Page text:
Everything — even a pandemic — has at least a small silver lining, and one of the ones that I have seen show up over the last few weeks and months is a stripping away of pretense. It’s becoming harder and harder to fake it these days. I think that’s a good thing.

So of course the A’s were the first team in baseball to scream financial armageddon. The A’s are an investment for Fisher — one that he will keep alive only so long as team valuations continue to increase. Yes, he might be worth big bucks, but the team — which he has left to be self-sufficient — had the lowest revenue totals in the American League last year. They were barely getting by when the season was going to be 162 games, with fans. The notion of half a season, with no fans, is, in fact, armageddon when your owner refuses to go into his pocket to bridge the fiscal gap.

I’m not justifying the A’s actions, only trying to explain them. Furthermore, the A’s will not be the last team to plead poverty. Again, that doesn’t make their actions correct.

Beyond the actual dollars and cents, the moves were terrible public relations.

The juxtaposition of a fabulously rich man not paying employees less than $1,600 a month because “he can’t afford it” will not be forgotten anytime soon. Fisher doesn’t like to be in the limelight — photos of him have a Patterson–Gimlin vibe — and, for some unknown reason, he had maintained a semblance of plausible deniability with the fanbase.

But in the course of two weeks, he’s been pushed into the limelight.

For what?

I don’t know how much the A’s spend on advertising and public relations per season, but they have made two massive PR blunders — the rent strike and job cuts — over monies Fisher probably doesn’t notice he made or lost on a daily basis.

It seems to me like a foolish use of (apparently limited) funds.

You’d like to think that team president Dave Kaval, a public relations “guru”, would have been able to avoid such blunders, but looking at his track record in charge, walking into them is par for the course.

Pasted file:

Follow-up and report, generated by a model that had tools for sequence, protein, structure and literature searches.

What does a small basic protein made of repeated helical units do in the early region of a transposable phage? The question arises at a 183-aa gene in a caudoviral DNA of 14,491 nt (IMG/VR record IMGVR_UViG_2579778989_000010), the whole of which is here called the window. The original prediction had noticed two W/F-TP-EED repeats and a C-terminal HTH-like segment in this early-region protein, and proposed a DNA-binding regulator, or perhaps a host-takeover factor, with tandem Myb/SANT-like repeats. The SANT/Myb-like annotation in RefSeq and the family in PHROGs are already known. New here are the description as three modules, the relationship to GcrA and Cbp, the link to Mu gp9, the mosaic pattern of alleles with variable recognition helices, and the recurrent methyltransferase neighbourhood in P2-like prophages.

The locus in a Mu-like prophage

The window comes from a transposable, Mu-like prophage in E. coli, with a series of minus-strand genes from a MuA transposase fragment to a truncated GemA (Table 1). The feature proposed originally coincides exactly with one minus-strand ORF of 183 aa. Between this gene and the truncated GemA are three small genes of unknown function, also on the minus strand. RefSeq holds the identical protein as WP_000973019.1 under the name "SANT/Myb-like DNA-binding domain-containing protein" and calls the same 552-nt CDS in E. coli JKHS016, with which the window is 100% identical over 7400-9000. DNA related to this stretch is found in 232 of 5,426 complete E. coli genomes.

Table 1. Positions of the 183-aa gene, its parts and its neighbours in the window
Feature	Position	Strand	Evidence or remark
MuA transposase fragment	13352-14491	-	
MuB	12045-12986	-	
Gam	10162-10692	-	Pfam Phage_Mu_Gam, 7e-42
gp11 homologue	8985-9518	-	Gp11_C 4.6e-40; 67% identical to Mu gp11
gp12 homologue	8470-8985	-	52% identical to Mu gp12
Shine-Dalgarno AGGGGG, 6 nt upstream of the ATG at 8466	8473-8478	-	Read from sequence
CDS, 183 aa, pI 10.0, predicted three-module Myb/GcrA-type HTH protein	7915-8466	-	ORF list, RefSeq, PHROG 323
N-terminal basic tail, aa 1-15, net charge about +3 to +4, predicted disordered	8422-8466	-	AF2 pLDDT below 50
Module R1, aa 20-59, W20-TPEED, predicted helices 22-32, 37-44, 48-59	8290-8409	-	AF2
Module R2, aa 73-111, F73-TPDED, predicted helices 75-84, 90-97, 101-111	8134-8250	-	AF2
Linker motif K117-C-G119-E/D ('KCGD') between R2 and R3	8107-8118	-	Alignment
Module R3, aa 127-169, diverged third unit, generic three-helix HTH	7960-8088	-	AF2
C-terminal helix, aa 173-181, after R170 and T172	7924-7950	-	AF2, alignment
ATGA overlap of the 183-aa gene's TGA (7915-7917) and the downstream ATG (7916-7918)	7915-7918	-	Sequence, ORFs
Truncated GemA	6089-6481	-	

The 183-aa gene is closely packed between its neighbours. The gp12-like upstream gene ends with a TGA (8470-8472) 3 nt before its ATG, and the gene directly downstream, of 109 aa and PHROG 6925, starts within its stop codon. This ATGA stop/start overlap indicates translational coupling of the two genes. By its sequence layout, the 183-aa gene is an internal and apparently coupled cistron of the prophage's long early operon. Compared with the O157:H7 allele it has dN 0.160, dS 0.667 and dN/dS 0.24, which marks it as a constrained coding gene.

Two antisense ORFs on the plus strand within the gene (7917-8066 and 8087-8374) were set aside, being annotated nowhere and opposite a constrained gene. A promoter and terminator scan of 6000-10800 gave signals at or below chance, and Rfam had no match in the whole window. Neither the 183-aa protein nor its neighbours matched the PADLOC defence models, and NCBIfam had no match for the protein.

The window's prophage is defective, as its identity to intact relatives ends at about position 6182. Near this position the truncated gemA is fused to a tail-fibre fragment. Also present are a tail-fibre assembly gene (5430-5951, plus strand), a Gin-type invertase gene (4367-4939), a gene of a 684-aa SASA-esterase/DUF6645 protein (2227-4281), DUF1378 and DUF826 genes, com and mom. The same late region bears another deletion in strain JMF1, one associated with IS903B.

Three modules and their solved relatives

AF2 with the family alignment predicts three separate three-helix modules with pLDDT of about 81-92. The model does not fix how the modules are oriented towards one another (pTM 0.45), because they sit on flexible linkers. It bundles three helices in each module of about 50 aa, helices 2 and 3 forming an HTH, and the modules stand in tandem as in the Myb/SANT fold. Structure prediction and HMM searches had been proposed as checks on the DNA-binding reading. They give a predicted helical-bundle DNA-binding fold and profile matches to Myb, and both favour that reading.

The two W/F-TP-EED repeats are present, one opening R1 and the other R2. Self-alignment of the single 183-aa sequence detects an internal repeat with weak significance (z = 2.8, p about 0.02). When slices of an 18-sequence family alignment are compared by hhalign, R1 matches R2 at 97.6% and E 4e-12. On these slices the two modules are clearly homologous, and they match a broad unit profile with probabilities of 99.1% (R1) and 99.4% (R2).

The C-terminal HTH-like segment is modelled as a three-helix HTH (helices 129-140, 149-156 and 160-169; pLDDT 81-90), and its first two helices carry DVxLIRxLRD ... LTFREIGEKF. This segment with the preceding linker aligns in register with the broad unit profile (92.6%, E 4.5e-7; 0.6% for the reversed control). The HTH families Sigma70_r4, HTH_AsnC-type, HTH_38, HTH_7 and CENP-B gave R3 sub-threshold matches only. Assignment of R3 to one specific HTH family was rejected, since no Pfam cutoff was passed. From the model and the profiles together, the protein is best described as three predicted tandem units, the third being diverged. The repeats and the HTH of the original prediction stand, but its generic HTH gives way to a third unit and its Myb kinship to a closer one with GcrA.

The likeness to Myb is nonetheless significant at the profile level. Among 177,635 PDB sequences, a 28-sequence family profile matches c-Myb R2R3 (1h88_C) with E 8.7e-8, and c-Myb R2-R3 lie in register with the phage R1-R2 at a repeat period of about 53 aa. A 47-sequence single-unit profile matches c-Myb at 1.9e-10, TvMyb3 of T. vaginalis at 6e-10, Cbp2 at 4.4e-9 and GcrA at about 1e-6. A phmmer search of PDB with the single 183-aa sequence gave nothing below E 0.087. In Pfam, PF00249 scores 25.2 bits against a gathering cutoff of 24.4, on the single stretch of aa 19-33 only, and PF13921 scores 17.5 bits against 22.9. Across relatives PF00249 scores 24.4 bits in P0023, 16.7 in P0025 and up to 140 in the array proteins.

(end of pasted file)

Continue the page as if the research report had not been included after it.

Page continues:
The frustrating part for fans is that these cheapskate moves will further hurt the already hamstrung baseball operations department.

This year’s MLB Draft will only be five rounds — that means there will be hundreds of quality players who will be able to sign as undrafted free agents.

Given what the A’s just did to their minor leaguers — something the bottom-of-the-barrel Marlins aren’t even doing — why would anyone want to sign with Oakland this summer?

As for Matt Chapman, Matt Olsen, and soon-to-be free agent Marcus Semien, you can kiss them goodbye. Why would anyone expect a team that won’t pay it’s most affordable players to pony up $20, perhaps $30 million a year for their best players?

I don’t know if Fisher wants to be a big-time owner. Maybe he does but is simply incapable. Regardless, it’s been proven over 15 years that he’s not up for the job. Actions like the last few weeks should not be so predictable.

My hope, for the fans of the A’s, the city of Oakland, and the East Bay, is that he can surprise us: by selling the team to someone who is actually up to the task.

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©2020 The Mercury News (San Jose, Calif.)